A Healthy Lifestyle Guide To Lose Menopause BellyWhat is a menopause belly? What causes menopause belly fat? Read our guide on how to lose menopause belly.
Even if you don’t put on any weight during menopause, you may find yourself with a bit of a belly due to the way the drop in estrogen affects fat distribution.
The weight that starts to accumulate around your middle shouldn’t just be ignored and accepted as part of ageing - research has shown that extra belly fat is linked to a higher risk of developing cardiovascular disease.
Some of the many ways you can adjust your lifestyle to get rid of menopause belly include eating a balanced diet, watching your portions, doing a mixture of moderate and vigorous exercise, improving your sleeping habits and managing stress levels.
When it comes to losing excess menopause weight around the tummy, you should stay kind and patient with yourself. Your aim is for a slow but steady reduction in fat.
Weight gain can feel like an inevitable part of menopause, but the truth is, it doesn't have to be.
Some women may be prone to put on weight during and post-menopause. Finding out what feels right and healthy for you and incorporating that into your lifestyle can help with menopausal weight gain prevention. The GlycanAge test can help you here - it is the only biological age test that accurately measures your body's response to lifestyle changes.
We have put together a simple lifestyle guide to help you get started on your own wellness journey, tackling a common problem many women feel uncomfortable with - their menopause belly.
Healthy Lifestyle Tips To Target Menopause Belly
How your weight (and fat tissue) is distributed in the body changes when you enter (peri)menopause. In addition, your metabolism tends to slow down, making it challenging to lose weight, particularly around your belly. Belly fat is not only frustrating, but it may also be dangerous to health.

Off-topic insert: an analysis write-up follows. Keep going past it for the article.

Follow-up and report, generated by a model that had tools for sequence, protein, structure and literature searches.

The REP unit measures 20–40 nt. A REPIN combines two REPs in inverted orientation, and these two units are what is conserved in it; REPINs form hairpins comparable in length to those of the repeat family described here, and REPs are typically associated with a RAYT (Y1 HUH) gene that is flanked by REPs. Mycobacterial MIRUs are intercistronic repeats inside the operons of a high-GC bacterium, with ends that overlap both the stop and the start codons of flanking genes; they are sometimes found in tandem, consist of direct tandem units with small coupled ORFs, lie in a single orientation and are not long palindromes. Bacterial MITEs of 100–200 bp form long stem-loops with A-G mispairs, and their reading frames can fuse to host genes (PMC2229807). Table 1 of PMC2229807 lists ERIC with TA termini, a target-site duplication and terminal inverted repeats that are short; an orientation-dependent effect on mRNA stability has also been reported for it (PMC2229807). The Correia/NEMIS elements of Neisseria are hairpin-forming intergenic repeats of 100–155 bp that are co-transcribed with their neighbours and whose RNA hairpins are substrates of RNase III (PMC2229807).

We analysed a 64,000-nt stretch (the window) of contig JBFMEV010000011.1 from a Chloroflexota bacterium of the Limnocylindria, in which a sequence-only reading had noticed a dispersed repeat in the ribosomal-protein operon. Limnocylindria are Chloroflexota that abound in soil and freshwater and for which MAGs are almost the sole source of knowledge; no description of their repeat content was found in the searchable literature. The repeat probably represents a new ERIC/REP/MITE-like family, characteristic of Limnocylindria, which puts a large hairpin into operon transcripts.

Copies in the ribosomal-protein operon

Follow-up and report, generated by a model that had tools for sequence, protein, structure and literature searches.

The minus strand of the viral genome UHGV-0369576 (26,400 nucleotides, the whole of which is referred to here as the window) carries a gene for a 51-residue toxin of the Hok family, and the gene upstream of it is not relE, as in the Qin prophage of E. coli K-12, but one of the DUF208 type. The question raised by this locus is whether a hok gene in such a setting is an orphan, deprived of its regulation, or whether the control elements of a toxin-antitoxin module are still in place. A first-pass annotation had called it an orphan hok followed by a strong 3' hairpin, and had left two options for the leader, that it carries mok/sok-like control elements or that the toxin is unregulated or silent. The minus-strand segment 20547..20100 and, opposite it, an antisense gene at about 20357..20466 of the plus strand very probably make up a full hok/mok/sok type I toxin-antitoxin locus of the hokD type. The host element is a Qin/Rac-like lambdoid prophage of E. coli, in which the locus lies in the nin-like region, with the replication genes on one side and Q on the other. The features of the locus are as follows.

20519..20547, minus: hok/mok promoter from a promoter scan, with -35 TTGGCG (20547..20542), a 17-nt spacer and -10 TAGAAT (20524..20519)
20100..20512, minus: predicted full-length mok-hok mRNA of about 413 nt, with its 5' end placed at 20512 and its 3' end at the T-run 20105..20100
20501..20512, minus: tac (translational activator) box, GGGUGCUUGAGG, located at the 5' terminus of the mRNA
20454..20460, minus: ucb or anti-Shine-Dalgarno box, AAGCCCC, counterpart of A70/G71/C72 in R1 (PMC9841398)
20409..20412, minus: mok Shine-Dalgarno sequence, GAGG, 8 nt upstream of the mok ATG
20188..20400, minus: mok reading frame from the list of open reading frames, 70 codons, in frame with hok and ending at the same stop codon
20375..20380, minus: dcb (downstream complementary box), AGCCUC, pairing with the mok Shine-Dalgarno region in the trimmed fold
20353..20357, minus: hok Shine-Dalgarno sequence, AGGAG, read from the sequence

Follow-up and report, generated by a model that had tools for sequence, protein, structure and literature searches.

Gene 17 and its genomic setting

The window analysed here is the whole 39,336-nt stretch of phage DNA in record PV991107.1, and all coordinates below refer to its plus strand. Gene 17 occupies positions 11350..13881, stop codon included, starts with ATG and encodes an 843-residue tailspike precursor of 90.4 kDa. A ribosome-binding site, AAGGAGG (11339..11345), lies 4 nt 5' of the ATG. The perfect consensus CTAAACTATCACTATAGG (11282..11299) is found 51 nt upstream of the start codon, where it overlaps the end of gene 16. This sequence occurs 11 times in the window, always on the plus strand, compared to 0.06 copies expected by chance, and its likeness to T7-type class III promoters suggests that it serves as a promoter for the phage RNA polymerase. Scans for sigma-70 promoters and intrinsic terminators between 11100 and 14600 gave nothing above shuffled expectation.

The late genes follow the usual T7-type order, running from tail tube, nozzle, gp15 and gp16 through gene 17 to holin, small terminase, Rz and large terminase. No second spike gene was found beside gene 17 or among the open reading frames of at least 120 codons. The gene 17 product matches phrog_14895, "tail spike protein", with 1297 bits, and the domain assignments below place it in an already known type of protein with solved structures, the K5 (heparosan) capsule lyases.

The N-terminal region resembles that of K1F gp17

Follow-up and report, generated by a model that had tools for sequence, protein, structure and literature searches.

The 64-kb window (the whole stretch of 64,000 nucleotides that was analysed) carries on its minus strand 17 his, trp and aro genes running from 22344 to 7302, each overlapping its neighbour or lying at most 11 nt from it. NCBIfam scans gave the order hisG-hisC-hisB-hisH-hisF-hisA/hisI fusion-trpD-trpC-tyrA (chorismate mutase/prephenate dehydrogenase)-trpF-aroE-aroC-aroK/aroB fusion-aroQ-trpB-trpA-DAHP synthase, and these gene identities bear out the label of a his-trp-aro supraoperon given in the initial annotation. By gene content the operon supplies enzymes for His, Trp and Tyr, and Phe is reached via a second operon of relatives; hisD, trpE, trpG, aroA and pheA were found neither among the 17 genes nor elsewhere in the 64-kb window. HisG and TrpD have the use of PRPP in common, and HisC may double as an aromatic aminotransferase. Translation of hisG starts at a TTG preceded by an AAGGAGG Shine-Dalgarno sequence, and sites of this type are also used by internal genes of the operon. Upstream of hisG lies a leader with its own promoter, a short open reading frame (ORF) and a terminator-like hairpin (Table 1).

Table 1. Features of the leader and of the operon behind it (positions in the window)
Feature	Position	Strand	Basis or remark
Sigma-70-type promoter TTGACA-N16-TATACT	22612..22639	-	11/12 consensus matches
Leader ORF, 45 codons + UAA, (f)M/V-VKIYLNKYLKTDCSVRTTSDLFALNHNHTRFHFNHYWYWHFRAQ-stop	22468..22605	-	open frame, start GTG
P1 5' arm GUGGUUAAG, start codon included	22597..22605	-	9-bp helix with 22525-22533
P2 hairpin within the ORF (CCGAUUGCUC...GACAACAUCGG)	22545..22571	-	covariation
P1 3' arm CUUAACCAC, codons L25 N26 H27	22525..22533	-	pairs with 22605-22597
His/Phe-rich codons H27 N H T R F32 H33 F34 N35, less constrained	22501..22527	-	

A 2020 paper published in the Menopause journal reported that weight accumulation around the abdomen puts women at risk of cardiovascular disease. Their research confirmed that the menopause transition could increase an age-dependent risk of arterial stiffness.
How to minimise that risk and get belly fat under control?
Eat a balanced diet
Some research suggests that by the time you hit menopause, your body could burn a couple of hundred fewer calories a day which means extra weight can build up quickly if you don't keep an eye on your calorie intake. If possible, prepare meals at home containing nutritious ingredients, such as green leafy vegetables, fatty fish, whole grains, and fruits like dark berries.
It is also important to understand that not all nutrients are created equal. Some nutrition experts state that a steady diet of heavily processed or refined carbohydrates, such as bread and pasta, can contribute to excess belly fat. The British Journal of Nutrition published a paper that found that a restricted carbohydrate diet may decrease the risk of post-menopausal weight gain.
If you are eating fat-rich foods, it is important to include a variety of different fats, especially the healthier ones (i.e. unsaturated fats) that you will find in foods such as olives, nuts, avocado and fish, like salmon and sardines.
Careful portion control
Portion control is important in managing your calorie intake. We're not saying you need to count every blueberry you drop into your morning porridge, but if you tend to eat too much, your brain may need retraining into seeing smaller portion sizes as being satisfying.
A good way of controlling your portion sizes is using a smaller plate - that way you will not be able to overload it with food. This will help stop you from overloading your plate with food. If you struggle to gauge suitable portion sizes, try using measuring cups. You don't need to buy a special container for this, as a simple tea cup will do.
Another good way to ensure you are not overeating is to stay away from leftovers. It can be easy to pick at food, especially if you are in the mindset that wasting food is bad. But try to avoid the temptation to finish off your family member's meals after they've finished, even when there is not enough left for a whole portion.
Exercise more frequently
To help target your menopausal belly, you will need to get into a routine that includes a mix of moderate and vigorous exercise. Try to find activities you enjoy and try out aerobic exercises like cycling, swimming, running, or even walking, and include some resistance or strength training too. You should also try to include some high intensity interval training (HIIT) in your exercise regime. This involves doing moderate levels of exercise (such as your standard jog) with some high intensity activities (like sprinting up a hill). HIIT has been found to have some fantastic benefits for menopausal women, including improving strength, energy levels, and overall cardiovascular and metabolic health.